A writer-friend recently emailed me regarding his plans for self-publishing an eBook. A little backstory: The inquiring author has not published before in any format. The book is non-fiction and in guidebook format. My response is tailored to that genre, but you can translate these ideas to other genres.
eBook marketing is dynamic. Last week I instructed Author Marketing as part of Wake County Schools Lifelong Learning program. I covered items below in greater detail and reviewed ways to optimize your author page on Amazon. This fall I teach Book Marketing: Online and Offline, a 10-work course at Duke University’s Continuing Education OLLI program. Class starts September 16th.
Here is what the writer sent me:
What’s your take on eBooks? I have one to format for Amazon, and a few other half-ideas, plus old blogs that I can convert into short stories…I know a bunch of your colleagues/friends prolifically self-publish, but what approach have you seen that works? What do you think? You seem to have this stuff figured out.
As far as eBooks go – I talk about them a lot in my author marketing classes, but I have no personal experience to draw on. I mainly use real-life examples, marketing and pricing strategies, and new tools that authors can use to connect with readers. (eBooks for $2.99 generally sell better than $.99 and you should avoid ‘free’ altogether, unless you do it a week prior to release to garner some book reviews.)
There is no ‘one’ approach. One of the main things is that it needs to be edited. The copy needs to be error-free. You will lose readers and they will not recommend the book if it is poorly prepared.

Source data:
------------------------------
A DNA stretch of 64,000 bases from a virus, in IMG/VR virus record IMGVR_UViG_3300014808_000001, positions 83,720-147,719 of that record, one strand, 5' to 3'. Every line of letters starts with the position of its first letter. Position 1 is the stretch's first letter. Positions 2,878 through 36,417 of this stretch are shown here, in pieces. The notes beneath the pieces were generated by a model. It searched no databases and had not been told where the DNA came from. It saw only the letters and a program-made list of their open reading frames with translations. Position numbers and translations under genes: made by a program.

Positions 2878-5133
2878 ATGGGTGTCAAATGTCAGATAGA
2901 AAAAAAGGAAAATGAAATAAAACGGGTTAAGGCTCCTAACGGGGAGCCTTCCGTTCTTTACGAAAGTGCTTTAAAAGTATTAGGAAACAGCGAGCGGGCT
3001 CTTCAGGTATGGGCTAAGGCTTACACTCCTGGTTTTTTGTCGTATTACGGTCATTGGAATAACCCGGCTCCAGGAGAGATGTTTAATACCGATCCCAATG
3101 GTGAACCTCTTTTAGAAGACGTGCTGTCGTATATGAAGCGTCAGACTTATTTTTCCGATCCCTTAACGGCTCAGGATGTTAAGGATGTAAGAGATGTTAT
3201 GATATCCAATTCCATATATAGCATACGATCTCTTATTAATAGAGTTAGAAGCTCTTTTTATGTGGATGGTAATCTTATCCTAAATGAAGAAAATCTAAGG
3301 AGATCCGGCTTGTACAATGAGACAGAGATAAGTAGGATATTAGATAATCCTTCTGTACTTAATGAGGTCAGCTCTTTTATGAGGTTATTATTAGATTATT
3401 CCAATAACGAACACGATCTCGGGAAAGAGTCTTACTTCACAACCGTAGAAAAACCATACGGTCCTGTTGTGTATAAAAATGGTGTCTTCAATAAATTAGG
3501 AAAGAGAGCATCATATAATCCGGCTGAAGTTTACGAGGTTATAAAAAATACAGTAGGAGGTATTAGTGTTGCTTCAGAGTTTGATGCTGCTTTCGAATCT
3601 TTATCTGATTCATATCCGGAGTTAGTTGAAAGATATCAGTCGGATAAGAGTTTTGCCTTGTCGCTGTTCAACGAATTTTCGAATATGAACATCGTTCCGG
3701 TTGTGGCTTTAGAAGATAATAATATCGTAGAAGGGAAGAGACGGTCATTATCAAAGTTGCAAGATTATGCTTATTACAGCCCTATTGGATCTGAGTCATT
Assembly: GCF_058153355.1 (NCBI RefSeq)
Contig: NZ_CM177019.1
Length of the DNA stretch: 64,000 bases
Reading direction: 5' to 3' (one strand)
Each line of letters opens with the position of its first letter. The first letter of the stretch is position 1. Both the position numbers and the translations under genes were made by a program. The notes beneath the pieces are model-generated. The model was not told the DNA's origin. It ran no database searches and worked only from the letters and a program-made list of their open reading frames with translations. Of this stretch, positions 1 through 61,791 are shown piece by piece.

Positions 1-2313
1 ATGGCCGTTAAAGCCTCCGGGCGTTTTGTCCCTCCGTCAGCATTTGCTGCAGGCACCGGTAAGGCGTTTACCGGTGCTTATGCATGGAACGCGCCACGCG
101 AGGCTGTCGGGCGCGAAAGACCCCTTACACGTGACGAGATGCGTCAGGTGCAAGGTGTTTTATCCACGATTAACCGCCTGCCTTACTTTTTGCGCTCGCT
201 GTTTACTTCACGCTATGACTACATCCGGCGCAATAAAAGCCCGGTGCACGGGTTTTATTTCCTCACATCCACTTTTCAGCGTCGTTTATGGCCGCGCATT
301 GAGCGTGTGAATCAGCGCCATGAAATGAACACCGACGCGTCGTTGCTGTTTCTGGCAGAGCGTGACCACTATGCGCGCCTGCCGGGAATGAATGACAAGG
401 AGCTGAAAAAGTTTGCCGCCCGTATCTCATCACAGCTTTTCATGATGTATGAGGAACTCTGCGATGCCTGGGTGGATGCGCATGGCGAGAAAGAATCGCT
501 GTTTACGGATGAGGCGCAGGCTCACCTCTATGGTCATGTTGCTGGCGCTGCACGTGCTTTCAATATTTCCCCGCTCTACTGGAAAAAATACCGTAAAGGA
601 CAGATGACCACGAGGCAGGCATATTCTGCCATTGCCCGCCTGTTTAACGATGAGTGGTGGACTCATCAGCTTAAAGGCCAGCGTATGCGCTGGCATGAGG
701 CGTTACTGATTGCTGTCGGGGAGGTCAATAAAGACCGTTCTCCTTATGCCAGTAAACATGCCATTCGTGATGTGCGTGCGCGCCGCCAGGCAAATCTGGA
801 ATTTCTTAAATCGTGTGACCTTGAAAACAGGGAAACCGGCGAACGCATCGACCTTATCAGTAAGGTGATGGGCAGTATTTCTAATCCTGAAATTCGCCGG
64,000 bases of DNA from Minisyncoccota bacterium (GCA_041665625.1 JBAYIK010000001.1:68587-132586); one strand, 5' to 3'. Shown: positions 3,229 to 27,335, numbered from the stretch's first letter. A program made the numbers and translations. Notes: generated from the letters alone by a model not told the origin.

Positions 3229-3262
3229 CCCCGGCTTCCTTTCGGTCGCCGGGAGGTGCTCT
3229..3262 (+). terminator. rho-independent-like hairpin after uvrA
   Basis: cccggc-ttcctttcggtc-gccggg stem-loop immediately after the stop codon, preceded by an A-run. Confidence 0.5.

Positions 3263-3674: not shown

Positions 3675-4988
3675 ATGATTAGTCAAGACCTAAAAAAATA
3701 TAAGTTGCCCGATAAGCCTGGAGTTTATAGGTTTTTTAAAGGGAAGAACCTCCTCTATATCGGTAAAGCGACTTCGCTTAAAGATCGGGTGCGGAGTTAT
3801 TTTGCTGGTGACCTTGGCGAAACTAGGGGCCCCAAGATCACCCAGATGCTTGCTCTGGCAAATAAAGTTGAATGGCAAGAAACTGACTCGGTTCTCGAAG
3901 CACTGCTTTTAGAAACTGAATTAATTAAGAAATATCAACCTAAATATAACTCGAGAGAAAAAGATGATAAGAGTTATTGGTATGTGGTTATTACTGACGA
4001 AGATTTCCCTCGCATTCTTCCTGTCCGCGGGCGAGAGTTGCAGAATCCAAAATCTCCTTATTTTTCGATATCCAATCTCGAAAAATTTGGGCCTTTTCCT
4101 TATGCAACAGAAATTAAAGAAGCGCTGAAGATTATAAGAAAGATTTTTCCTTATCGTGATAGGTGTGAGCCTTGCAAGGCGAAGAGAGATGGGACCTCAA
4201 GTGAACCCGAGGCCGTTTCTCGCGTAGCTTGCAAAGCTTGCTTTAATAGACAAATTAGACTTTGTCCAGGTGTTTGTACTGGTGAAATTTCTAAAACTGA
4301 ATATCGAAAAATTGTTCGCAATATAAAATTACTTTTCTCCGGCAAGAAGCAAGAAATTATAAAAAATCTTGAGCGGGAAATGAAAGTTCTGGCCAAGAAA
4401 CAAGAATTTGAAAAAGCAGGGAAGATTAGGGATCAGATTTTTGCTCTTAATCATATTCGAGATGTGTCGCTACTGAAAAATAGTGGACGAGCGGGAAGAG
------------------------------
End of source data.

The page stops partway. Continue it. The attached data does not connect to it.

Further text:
Cover design should be done by a professional and be eye-catching on mobile platforms. And a designer should look over your interior files as well–there are so many E-readers today that you need to make sure readers everywhere will have a positive viewing experience.
Two more things: Don’t think of it in terms of sales and don’t have just one book. A book is just one part of a writer’s platform. Are you planning to start offering services? Becoming a tour guide of the areas you know well? The book can help bring attention to those things. Today, authors can’t have just one book and be financially successful. It is super competitive. It’s recommended a writer comes out with two books each year. (This seems overkill to me personally, as you end up competing with yourself.) Maybe a guide for singles, another for college grads, and yet others regionally-focused for the Pacific Northwest, etc.?
Whatever you decide, do the best you can for each. I’m not happy with some of my books‘ layouts, but it is not worth my time to go back and revise. Do it right from the start.